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Did you know that “The Night Before Christmas” was written in Chelsea?

By
Howard Halle
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Yes, it was.

Centuries before The High Line, starchitect-designed condos and mega-galleries the size of basketball courts, the area we call Chelsea was an estate owned by a retired British army officer, Captain Thomas Clarke, who bought the land in 1750 and named it after the Chelsea Royal Hospital in London. The main house was located where the corner of 23rd Street and Ninth Avenue is today, and it was there, in 1822, that the officer’s grandson, a prominent Protestant theologian and scholar named Clement Clarke Moore (1779-1863) penned “A Visit From St. Nicholas”—aka, “The Night Before Christmas.”

According to legend, Moore wrote his classic poem about jolly old St. Nick as a Christmas present for his six young children. But it’s inspiration came from a sleigh ride through what was then snowy countryside: Supposedly, the sound of the sleigh bells made gave him the idea. Some historians speculate that Moore may have been returning from a trip to market, and that furthermore, his driver was actually his slave. (According to documents at the New York Historical Society, Moore was indeed a slaveholder, which is plausible since an 1817 state law freeing all slaves born in New York before 1799 didn’t go into full effect until 1827.)

Moore popularized Santa Claus as we know him today: The portly fellow with red cheeks who delivered presents via a flying sled he’d park on the rooftop before shimmying down the chimney with the his bag of goodies. During the 1870s, cartoonish and Tammany Hall muckraker Thomas Nast gave Santa the visual image we have of him today, but the legend of Santa Claus goes all the way back to when the Dutch settling New Amsterdam brought the folklore figure of Sinterklaas with them. Sinterklaas was based on a real historical personage: Nikolaos of Myra, a Fourth Century Greek Bishop and miracle worker who became beatified by the Church as Saint Nicholas, patron and protector of sailors, merchants, archers, repentant thieves, brewers and pawnbrokers. And oh yes, children, which explains the whole Christmas thing. In Holland, Sinterklaas is celebrated with gift-giving on December 5, the evening of Saint Nicholas Day; Moore moved Santa’s delivery date to the night of December 24th, when children are all supposed to be all nestled, snug in their beds.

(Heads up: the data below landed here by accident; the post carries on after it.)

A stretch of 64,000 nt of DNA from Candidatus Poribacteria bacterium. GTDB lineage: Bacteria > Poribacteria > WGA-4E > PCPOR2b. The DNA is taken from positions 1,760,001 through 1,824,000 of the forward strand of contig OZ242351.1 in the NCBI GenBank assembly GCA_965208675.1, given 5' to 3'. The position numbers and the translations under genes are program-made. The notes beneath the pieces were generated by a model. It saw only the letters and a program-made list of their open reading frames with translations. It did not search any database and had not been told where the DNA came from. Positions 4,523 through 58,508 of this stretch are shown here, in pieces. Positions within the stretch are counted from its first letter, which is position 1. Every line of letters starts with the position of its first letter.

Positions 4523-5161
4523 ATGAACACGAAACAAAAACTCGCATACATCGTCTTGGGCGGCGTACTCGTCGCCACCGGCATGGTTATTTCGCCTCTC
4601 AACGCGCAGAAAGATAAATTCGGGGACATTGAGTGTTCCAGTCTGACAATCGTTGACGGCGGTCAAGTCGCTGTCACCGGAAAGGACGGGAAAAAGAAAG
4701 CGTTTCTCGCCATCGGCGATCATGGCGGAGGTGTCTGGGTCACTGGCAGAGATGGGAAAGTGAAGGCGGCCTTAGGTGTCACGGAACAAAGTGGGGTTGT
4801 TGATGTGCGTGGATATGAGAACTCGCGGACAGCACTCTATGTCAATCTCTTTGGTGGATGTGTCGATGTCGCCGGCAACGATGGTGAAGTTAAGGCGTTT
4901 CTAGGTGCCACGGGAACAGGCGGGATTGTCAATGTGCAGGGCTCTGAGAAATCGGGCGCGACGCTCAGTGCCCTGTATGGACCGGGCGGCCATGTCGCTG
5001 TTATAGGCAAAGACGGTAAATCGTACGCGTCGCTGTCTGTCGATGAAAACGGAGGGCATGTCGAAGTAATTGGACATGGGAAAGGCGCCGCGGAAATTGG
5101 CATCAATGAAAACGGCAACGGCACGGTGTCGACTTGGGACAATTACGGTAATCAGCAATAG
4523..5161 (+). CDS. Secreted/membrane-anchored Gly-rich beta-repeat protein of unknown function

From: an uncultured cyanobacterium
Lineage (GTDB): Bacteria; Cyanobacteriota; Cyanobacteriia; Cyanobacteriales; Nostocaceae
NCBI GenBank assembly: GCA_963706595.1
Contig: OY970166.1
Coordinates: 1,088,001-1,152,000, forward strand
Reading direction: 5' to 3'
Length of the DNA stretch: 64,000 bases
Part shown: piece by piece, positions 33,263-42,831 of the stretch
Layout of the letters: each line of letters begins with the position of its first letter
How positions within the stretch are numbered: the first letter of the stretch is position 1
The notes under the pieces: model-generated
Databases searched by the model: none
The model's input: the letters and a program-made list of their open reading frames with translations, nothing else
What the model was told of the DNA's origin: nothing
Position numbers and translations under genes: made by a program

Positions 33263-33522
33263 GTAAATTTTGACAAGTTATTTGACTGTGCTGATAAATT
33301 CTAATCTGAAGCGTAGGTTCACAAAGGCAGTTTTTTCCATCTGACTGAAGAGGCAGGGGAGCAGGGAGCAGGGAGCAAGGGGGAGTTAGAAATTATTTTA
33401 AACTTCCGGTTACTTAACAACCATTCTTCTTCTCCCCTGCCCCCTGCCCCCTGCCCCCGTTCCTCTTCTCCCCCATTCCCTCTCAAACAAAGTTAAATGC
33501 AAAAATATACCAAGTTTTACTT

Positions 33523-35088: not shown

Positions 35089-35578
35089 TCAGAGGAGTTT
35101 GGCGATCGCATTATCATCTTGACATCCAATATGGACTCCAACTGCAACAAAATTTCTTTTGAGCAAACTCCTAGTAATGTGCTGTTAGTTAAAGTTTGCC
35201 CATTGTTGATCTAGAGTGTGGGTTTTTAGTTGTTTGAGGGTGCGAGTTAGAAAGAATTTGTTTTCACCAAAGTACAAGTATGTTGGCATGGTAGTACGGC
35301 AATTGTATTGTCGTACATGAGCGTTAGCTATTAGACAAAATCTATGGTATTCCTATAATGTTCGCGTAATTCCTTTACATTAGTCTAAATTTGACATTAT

The story of Sinterklaas, however, had been transmitted to Moore through a much more contemporary source: Washington Irving’s 1809 satire, A History of New York from the Beginning of the World to the End of the Dutch Dynasty, in which he describes an impish, pipe-smoking Saint Nicholas who “came riding over the tops of the trees in [a] wagon wherein he brings his yearly presents to children.” Moore changed the wagon to a reindeer-propelled sleigh, added Santa’s dramatic entrance and exit via chimney, and the rest is history.

A friend of Moore’s originally had the poem published anonymously in an upstate newspaper; Moore himself didn’t reveal his identity as the author until two decades later. By then, he’d sold the property he’d inherited to one Don Alonzo Cushman, Chelsea’s first developer, whose fine Italianate townhouses still line the block of West 20th Street between Ninth and Tenth Avenues. As for Moore, he’s buried in Trinity Cemetery in Washington Heights, though a park and playground bearing his name stands on the corner of West 22nd and Tenth Avenue, while a bronze plaque at 426 West 23rd Street marks the spot where Santa Claus first came to town.

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